What types of therapy are covered by insurance?

Most American healthcare plans (including all of the ones available to individuals on the insurance marketplace) must provide benefits in at least three main areas, as described at

  • Behavioral health treatment, such as psychotherapy and counseling
  • Mental and behavioral health inpatient services
  • Substance use disorder (commonly known as substance abuse) treatment

Your insurance plan might offer coverage in more areas than are required, but even if the mental health care category you’re looking for is accounted for, there are other variables to consider, especially the amount of coverage. Your plan’s coverage may even differ by state, and your out-of-pocket cost may be affected by variables like the deductible, co-pay, and appointment frequency. Just because your plan offers some benefit doesn’t mean it will cover the majority of your therapy costs.

Furthermore, most insurers cover only proven, common therapies such as Cognitive Behavioral Therapy (CBT). Newer therapies such as Eye Movement Desensitization and Reprocessing (EMDR) or biofeedback may not be covered by your insurance plan. 

Couples therapy and family therapy are rarely covered by insurance unless you are inviting others into a single therapy session as part of your individual therapy.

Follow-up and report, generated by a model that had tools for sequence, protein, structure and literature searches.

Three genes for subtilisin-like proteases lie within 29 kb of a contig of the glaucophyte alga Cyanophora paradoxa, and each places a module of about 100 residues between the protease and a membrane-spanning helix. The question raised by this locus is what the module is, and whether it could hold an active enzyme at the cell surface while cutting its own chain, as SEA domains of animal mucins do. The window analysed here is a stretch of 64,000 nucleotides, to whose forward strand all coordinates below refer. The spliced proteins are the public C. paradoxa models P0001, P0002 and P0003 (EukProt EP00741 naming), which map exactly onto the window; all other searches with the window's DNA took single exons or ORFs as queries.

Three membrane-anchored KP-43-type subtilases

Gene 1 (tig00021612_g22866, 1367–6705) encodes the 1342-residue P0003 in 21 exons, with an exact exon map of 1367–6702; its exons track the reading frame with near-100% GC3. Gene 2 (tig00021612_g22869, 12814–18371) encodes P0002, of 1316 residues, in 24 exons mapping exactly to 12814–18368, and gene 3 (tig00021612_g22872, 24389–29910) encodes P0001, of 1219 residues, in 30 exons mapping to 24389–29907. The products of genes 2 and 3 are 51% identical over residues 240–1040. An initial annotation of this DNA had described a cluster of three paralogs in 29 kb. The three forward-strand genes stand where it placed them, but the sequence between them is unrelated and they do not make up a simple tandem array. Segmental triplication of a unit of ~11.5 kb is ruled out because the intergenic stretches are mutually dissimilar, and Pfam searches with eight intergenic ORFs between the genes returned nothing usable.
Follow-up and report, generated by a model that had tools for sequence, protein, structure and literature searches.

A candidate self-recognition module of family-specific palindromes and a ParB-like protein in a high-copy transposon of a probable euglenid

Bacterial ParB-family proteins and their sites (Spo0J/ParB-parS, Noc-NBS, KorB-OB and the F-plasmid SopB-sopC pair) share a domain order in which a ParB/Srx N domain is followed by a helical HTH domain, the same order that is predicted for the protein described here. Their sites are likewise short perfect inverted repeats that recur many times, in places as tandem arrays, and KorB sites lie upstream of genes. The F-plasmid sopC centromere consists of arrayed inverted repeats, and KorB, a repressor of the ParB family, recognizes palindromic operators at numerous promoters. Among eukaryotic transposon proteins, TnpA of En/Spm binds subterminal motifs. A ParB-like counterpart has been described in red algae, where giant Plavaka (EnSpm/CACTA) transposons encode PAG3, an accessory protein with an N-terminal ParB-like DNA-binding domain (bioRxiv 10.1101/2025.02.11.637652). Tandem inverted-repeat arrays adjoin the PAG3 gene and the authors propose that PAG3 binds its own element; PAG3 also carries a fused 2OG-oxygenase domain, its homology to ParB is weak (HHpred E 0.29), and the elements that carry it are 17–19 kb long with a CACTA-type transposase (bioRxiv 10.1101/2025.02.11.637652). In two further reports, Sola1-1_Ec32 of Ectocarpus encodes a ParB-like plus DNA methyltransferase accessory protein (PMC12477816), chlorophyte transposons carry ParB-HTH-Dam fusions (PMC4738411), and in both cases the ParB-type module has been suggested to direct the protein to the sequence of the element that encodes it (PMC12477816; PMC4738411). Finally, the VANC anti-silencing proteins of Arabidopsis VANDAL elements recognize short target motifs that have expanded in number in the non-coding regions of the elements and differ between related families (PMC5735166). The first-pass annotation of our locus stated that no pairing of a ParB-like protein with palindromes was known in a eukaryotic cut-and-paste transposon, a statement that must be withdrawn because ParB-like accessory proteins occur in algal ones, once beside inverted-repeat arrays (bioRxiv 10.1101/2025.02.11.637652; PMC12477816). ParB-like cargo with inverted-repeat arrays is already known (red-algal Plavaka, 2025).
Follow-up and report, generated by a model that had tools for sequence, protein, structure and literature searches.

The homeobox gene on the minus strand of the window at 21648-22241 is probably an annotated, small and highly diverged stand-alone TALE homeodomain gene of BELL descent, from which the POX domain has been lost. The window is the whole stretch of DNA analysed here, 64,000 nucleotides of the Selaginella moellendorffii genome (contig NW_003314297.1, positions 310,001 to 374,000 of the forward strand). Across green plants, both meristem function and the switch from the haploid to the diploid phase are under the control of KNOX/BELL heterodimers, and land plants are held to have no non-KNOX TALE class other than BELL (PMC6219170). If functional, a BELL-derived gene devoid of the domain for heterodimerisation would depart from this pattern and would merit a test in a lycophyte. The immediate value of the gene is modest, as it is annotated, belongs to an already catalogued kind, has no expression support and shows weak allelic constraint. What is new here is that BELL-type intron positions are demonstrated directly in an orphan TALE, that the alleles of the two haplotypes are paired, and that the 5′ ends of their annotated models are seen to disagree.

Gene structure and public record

Does my insurance cover online therapy?

There are lots of reasons you might choose online therapy that takes insurance. Your prefered therapist may not be close enough to visit in person, or you may find it easier to open up to someone by connecting virtually.

When it comes to coverage, insurance providers typically don’t draw a distinction between remote and in-person therapy, but the convenience of online therapy may be too good to be true if your preferred therapist is out of network or or out of state.

During the COVID-19 pandemic, all insurers began paying for telehealth visits, where before, many of them would only allow virtual healthcare visits in certain situations. Now, most insurers have made those changes permanent, and there are a number of bills across the US that would do the same. It is likely that your insurance plan covers online therapy, but you should always double-check to be sure. 

What is the best online therapy that takes insurance? 

Nearly all therapists now offer online therapy, so you can go directly to the therapist who best meets your needs. Going directly to an independent therapist helps you build a strong relationship with your therapist while also making sure you can choose the therapist who is best for you.